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Dental Crowns: An Introduction

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By Author: The Maxfac Clinic
Total Articles: 9
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While being afraid to go to the dentist comes as second nature to most of us, it is an essential part of our medical regimens. There are several kinds of dental procedures that an individual may need, or none at all, depending on how well one takes care of their teeth. One of these procedures involves putting in something called a dental crowns - a layering placed above a damaged tooth to make it whole again. Let’s dive into more details about the same to understand the concept and procedure better.
What are dental crowns and why might I need one?
A dental crown is exactly what it sounds like - it’s a "crown" that’s placed on top of your damaged teeth. A "cap" in the shape of a tooth which is used to cover a tooth and restore its size, shape, strength, and appearance. The purpose is to make damaged and eroded teeth whole again by becoming the topmost layer of them. There are many reasons why your dentist may prescribe you a dental crowning procedure. The reasons can be medical or others - say, there’s a cavity in one of your teeth, or maybe you broke a tooth, and so on. Dental crowns are also commonplace ...
... after root canals.
Here are the scenarios where you might be asked to put in dental crowns by your dentist:
To cover up any deformities caused by a fracture, injury, cracks or implants
To help a healing tooth recover without causing it more damage
To improve appearance such as replacing the yellowing of teeth with a white crown
Types of dental crowns
Traditional dental crowns are meant to cover the entire tooth. The few other types that do not cover the entire tooth are called partial crowns. All advanced dental care clinics in South Mumbai and all other localities offer various types of crowns.
Traditional crowns: they cover your entire tooth
3/4 crowns: they cover only three-quarters of your tooth and are more suitable when the teeth are stronger, with a more solid make-up. This is a good option for people that are looking to make aesthetic improvements to their dental structure rather than for healing.
Inlays: they cover only the “biting surface” of your tooth, i.e. only the edge/topmost surface of your tooth.
Onlays: they’re similar to inlays, except that alongside the “biting surface” they also cover the cusps of the teeth as well as some of the sides.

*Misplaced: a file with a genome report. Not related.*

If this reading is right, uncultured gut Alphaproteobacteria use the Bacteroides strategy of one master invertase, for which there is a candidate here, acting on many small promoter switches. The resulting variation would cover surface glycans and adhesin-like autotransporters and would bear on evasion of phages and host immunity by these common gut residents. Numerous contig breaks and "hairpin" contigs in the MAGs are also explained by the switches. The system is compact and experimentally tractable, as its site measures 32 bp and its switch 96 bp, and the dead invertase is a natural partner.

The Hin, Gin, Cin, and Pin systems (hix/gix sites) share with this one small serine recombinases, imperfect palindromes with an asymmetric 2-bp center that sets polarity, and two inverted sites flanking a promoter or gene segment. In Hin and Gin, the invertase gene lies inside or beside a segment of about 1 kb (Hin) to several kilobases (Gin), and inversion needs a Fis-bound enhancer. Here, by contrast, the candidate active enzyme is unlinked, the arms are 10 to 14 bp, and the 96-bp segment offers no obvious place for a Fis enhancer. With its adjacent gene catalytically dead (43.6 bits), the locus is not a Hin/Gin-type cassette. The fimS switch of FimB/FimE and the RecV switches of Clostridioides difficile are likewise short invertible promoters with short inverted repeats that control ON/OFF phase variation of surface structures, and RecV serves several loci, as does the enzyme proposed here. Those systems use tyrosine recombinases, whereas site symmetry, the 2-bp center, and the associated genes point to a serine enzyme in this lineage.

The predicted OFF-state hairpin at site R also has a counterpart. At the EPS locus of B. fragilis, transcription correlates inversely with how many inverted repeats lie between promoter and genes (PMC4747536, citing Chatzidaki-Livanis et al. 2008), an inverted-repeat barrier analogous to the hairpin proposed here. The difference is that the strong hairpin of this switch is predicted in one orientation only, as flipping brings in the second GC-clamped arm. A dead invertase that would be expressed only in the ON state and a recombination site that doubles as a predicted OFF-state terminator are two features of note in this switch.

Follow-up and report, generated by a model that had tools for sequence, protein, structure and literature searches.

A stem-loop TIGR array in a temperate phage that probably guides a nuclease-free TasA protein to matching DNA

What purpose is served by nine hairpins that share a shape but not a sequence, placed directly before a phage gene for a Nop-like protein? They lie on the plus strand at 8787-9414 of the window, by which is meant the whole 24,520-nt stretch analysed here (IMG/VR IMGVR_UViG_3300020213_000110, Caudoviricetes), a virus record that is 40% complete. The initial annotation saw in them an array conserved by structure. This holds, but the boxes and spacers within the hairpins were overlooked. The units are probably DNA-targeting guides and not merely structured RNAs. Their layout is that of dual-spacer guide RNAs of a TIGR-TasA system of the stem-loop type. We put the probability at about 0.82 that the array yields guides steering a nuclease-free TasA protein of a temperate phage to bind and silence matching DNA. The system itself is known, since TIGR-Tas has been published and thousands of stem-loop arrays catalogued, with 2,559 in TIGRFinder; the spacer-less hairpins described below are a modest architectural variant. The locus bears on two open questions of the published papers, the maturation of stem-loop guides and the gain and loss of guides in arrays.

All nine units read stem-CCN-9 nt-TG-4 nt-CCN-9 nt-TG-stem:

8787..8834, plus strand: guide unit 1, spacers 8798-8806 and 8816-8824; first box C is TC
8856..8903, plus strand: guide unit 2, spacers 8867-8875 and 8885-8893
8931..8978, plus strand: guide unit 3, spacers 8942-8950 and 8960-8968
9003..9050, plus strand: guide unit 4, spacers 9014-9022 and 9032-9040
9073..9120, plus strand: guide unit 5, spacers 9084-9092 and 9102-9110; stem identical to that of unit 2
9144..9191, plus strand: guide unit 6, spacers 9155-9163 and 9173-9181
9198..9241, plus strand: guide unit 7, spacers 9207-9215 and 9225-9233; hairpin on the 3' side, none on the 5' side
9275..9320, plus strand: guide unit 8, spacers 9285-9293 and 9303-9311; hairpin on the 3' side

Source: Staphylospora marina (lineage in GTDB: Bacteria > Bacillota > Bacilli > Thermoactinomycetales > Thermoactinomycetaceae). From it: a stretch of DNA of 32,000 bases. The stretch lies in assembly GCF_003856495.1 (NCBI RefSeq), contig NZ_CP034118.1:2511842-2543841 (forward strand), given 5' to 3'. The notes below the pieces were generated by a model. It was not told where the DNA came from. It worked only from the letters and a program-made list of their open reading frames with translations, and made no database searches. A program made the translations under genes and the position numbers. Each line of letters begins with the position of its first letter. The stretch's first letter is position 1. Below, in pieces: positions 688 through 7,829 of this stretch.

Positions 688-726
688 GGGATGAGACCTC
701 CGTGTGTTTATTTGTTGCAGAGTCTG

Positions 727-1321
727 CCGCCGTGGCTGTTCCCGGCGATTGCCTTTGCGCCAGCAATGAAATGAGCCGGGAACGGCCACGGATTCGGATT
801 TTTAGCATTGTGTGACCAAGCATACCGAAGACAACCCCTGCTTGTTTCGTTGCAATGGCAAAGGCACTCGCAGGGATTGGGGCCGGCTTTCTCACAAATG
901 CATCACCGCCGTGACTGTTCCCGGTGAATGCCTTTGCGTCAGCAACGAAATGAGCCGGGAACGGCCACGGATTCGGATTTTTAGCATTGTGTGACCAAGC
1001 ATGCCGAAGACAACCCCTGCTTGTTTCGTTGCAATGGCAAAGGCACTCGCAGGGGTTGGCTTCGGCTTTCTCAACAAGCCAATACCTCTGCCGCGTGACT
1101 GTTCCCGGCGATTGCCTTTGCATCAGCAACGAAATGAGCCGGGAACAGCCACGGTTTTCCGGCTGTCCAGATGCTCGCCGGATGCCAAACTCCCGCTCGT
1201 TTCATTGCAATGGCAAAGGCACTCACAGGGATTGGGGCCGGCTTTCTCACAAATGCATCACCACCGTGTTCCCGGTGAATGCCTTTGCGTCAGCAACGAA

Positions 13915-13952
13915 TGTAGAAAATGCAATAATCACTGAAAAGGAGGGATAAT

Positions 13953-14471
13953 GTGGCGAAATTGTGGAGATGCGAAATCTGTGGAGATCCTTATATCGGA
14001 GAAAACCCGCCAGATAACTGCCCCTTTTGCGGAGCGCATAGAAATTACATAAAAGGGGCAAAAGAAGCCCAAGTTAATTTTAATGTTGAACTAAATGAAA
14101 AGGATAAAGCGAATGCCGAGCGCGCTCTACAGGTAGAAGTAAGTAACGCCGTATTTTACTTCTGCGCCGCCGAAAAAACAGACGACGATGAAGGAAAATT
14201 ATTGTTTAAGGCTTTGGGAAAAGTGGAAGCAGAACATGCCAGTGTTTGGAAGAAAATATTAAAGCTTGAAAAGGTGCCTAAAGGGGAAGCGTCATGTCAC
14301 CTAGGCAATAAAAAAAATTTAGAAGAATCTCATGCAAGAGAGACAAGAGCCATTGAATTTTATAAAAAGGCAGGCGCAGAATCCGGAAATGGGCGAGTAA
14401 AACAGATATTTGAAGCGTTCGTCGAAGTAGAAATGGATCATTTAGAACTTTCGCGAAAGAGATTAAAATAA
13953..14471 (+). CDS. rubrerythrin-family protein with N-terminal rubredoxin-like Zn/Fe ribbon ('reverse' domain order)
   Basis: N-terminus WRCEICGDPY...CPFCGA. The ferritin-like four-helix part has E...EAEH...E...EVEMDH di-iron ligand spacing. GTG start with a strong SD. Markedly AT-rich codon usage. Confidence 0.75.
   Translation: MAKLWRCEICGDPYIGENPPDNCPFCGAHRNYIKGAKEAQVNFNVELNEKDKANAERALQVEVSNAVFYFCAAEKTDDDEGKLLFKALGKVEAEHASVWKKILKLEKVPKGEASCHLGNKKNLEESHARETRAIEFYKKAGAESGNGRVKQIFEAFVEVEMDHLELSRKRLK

Veneers: they are meant only for the front portion of the teeth, not for any other part o the teeth.
Based on the material
Dental crowns are such that they can be made of several materials. Sometimes they can be a mix of two or three materials, or they can purely consist of only one. Here’s a list of materials generally used to build dental crowns.
Porcelain & Ceramic: the colour of both materials is very similar to that of well-maintained, clean teeth, making the two the most natural-looking in this list. Dentists generally use porcelain or ceramic material for front teeth veneers. A downside is that although the material itself is durable, it quickly wears and tears the teeth around it that it touches.
Gold: ever seen gold teeth adorned by gangsters in movies? Well, it’s real, and it’s highly durable, making it the perfect option for replacing molars. The downside is that gold crowns must replace the tooth fully because of the nature of the metal.
Zirconium: another very durable material, it is super light but also very hard and durable, thus a great dental crown.
Resin: very easy to shape and takes the colour of the pigment provided. The only downside is that resin has quicker wear and tear.
Stainless Steel: Prefabricated stainless steel crowns are typically used on permanent teeth as a temporary solution. While a permanent crown is being created from a different material, the crown safeguards the tooth or filling.
Temporary versus Permanent: While most permanent crowns are typically made in a dental laboratory, temporary crowns can be made in your dentist's office. Temporary crowns, which serve as a restoration until a permanent crown is made in a lab, are typically made of stainless steel or an acrylic-based material.
Metals can often be mixed with materials like porcelain and ceramic for a stronger base with a more natural look to it.
Wrapping up
Putting in dental crowns is a significant procedure that is sometimes unavoidable. After your dentist picks the material and fits your mouth for a crown, you must come back to get the procedure done. It takes time, but it can help you heal or even give your teeth a better appearance.

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